PIB – February 1 , 2020


General Studies-III

Topic- Government Budgeting

Key Highlights of Economic Survey 2019-20

The Union Minister for Finance & Corporate Affairs, presented the Economic Survey 2019-20 in the Parliament today.

The Key Highlights of the Economic Survey 2019-20 are as follows:

Wealth Creation: The Invisible Hand Supported by the Hand of Trust

  • India’s dominance as global economic power for three-fourths of economic history manifests by design.
  • Kautilya’s Arthashastra postulates the role of prices in an economy (Spengler, 1971).
  • Historically, Indian economy relied on the invisible hand of the market with the support of the hand of trust:
  • Invisible hand of the market reflected in openness in economic transactions.
  • Hand of trust appealed to ethical and philosophical dimensions.
  • Post-liberalisation, Indian economy supports both pillars of the economic model advocated in our traditional thinking.
  • Survey illustrates enormous benefits accruing from enabling the invisible hand of the market.
  • Exponential rise in India’s GDP and GDP per capita post-liberalisation coincides with wealth generation.
  • Survey shows that the liberalized sectors grew significantly faster than the closed ones.
  • Need for the hand of trust to complement the invisible hand, illustrated by financial sector performance during 2011-13.
  • Survey posits that India’s aspiration to become a $5 trillion economy depends critically on:
  • Strengthening the invisible hand of the market.
  • Supporting it with the hand of trust.
  • Strengthening the invisible hand by promoting pro-business policies to:
  • Provide equal opportunities for new entrants.
  • Enable fair competition and ease doing business.
  • Eliminate policies unnecessarily undermining markets through government intervention.
  • Enable trade for job creation.
  • Efficiently scale up the banking sector.
  • Introducing the idea of trust as a public good, which gets enhanced with greater use.
  • Survey suggests that policies must empower transparency and effective enforcement using data and technology.

India’s Economic Performance in 2019-20

  • India’s GDP growth moderated to 4.8 % in H1 of 2019-20, amidst a weak environment for global manufacturing, trade and demand.
  • Real consumption growth has recovered in Q2 of 2019-20, cushioned by a significant growth in government final consumption.
  • Growth for ‘Agriculture and allied activities’ and ‘Public administration, defense, and other services’ in H1 of 2019-20 was higher than in H2 of 2018-19.
  • India’s external sector gained further stability in H1 of 2019-20:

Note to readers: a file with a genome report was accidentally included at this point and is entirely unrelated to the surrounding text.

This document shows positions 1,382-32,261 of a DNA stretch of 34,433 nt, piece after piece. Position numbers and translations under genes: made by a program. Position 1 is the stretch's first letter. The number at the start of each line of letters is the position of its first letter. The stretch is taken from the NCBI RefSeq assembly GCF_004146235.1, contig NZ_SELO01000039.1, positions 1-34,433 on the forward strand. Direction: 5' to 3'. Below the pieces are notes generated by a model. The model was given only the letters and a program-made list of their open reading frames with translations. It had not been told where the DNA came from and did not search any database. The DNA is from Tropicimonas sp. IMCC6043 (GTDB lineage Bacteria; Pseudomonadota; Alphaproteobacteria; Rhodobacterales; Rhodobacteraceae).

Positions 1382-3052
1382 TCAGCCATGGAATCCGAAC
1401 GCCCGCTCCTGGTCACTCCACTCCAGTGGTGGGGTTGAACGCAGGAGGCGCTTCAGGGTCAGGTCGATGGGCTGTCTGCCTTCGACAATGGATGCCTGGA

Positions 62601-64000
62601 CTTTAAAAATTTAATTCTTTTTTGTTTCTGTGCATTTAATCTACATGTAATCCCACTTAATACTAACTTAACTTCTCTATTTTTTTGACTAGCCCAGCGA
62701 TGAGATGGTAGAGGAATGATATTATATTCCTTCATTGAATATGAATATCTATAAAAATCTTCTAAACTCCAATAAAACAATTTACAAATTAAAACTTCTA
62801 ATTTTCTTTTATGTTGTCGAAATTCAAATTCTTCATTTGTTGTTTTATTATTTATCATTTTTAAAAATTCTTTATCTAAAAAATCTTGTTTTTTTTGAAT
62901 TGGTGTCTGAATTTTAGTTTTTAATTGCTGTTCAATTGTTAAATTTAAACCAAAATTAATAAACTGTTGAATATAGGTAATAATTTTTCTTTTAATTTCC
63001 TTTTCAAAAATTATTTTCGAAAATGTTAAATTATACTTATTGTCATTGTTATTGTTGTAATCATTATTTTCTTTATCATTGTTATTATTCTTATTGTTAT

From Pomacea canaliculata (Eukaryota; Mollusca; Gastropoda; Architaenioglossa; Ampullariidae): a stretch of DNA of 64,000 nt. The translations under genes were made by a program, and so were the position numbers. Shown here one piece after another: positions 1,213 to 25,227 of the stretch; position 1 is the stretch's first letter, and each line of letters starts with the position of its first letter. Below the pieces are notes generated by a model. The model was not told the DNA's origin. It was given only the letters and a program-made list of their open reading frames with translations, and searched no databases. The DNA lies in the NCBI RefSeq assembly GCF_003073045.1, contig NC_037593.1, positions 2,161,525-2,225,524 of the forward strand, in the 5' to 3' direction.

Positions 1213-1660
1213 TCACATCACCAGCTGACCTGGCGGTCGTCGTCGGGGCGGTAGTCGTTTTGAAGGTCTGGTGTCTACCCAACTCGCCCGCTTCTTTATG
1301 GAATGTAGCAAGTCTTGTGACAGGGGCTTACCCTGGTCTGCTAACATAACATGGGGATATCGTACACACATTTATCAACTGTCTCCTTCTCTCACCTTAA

• Current Account Deficit (CAD) narrowed to 1.5 % of GDP in H1 of 2019-20 from 2.1 % in 2018-19.
  • Impressive Foreign Direct Investment (FDI).
  • Rebounding of portfolio flows.
  • Accretion of foreign exchange reserves.
  • Sharper contraction of imports as compared to that of exports in H1 of 2019-20, with easing of crude prices.
  • Headline inflation expected to decline by year end:
  • Increased from 3.3 % in H1 of 2019-20 to 7.35 % in December 2019-20 due to temporary increase in food inflation.
  • Rise in CPI-core and WPI in December 2019-20 suggests building of demand pressure.
  • Deceleration in GDP growth can be understood within the framework of a slowing cycle of growth:
  • Financial sector acted as a drag on the real sector (investment-growth-consumption).
  • Reforms undertaken during 2019-20 to boost investment, consumption and exports:
  • Speeding up the insolvency resolution process under Insolvency and Bankruptcy Code (IBC).
  • Easing of credit, particularly for the stressed real estate and NBFC sectors.
  • Announcing the National Infrastructure Pipeline 2019-2025.
  • Survey expects an uptick in the GDP growth in H2 of 2019-20:
  • 5 % GDP growth for 2019-20 based on CSO’s first Advance Estimates.
  • Expeditious delivery on reforms for enabling the economy to strongly rebound in 2020-21.

Fiscal Developments

  • Revenue Receipts registered a higher growth during the first eight months of 2019-20, compared to the same period last year, led by considerable growth in Non-Tax revenue.
  • Gross GST monthly collections have crossed the mark of Rs. 1 lakh crore for a total of five times during 2019-20 (up to December 2019).
  • Structural reforms undertaken in taxation during the current financial year:
  • Change in corporate tax rate.
  • Measures to ease the implementation of GST.
  • Fiscal deficit of states within the targets set out by the FRBM Act.
  • Survey notes that the General Government (Centre plus States) has been on the path of fiscal consolidation.

External Sector

Balance of Payments (BoP):

  • India’s BoP position improved from US$ 412.9 bn of forex reserves in end March, 2019 to US$ 433.7 bn in end September, 2019.
  • Current account deficit (CAD) narrowed from 2.1% in 2018-19 to 1.5% of GDP in H1 of 2019-20.
  • Foreign reserves stood at US$ 461.2 bn as on 10thJanuary, 2020.

Global trade: